Medicine for the Outdoors
Dr. Paul Auerbach is the world's leading outdoor health expert. His blog offers tips on outdoor safety and advice on how to handle wilderness emergencies.See all posts »
Injuries in Avalanche Victims
In the Spring 2007 issue of High Altitude Medicine & Biology, published by the International Society for Mountain Medicine, there is an excellent article entitled Pattern and Severity of Injury in Avalanche Victims (Matthias Hohlreider et al, Volume 8, Number 1, page 56).
There is much discussion in the literature and at mountain medicine meetings about what types of injuries predominate, and the roles of specific anatomical injuries versus asphyxiation from burial under snow in deaths following entrapment of victims in an avalanche.
In this retrospective (looking backwards at medical records) study of avalanche victims who were brought to the University Hospital of Innsbruck, Austria between 1996 and 2005, some important observations were made. There were 105 victims with a total of 49 significant injuries. The limbs, spine, and chest were most commonly injured, but only 2 deaths out of the 36 deaths observed were attributed to injuries, both broken necks. One death was deemed due to hypothermia, and the remaining 33 deaths were felt to be due to asphyxia.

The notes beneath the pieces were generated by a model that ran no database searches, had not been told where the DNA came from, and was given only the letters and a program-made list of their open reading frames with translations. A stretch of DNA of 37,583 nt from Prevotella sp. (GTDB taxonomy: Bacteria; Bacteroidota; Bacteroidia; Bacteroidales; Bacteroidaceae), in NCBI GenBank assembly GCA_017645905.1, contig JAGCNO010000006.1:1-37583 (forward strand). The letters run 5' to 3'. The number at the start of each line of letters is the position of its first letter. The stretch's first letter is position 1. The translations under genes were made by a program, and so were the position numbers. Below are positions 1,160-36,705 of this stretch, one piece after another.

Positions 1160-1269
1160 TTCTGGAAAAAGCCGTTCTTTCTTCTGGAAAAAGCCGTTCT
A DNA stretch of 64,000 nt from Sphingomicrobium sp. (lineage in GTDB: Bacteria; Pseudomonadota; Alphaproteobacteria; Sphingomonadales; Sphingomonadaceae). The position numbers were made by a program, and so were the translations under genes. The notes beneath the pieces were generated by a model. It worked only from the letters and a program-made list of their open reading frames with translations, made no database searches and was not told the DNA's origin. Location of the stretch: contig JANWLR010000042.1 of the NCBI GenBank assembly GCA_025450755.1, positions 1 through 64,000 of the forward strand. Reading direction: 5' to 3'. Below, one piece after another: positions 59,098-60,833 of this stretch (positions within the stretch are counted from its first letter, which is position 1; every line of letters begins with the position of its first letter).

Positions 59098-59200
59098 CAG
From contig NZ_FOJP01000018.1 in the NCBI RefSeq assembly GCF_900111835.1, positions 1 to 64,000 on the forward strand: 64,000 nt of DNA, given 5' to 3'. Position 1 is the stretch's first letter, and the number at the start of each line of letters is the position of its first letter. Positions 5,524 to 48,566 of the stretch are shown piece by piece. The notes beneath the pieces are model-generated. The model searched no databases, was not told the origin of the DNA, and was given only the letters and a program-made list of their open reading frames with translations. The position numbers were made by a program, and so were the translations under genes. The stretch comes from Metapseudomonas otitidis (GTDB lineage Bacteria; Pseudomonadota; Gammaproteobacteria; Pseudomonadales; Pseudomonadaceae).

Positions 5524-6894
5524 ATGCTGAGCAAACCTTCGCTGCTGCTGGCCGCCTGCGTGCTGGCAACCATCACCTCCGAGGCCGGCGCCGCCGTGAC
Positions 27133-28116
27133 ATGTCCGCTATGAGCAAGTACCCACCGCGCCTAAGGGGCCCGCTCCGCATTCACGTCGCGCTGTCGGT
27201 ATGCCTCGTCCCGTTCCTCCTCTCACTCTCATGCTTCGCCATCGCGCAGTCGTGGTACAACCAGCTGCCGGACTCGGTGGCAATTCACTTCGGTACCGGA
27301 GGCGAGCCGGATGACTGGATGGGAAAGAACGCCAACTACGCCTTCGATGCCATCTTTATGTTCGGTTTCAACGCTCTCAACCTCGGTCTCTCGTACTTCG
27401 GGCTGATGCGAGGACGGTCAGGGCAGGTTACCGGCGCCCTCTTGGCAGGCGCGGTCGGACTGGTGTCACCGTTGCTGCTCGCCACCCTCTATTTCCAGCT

The authors point out that 100 to 150 people die in avalanche accidents each year in North America and Europe. If this study can be reasonably extrapolated to the entire population of avalanche victims, then this lends further support to the notion that rapid response and uncovering the victim (to allow him or her to breathe) is of paramount importance. Transceivers, devices to preserve the airway and provide oxygen, protective shields, and the like are critical adjuncts. While multiple-system trauma may certainly be noted in someone who has fallen roughly in unforgiving terrain composed of ice and boulders, the victim found alive and without an irreversible brain injury caused by oxygen deprivation has a decent chance of survival.
photo courtesy of Swiss Federal Institute for Snow and Avalanche Research Davos
Tags: avalanche, risk, mountaineering, injuries, physician, health, wilderness medicine, outdoor medicine, healthline
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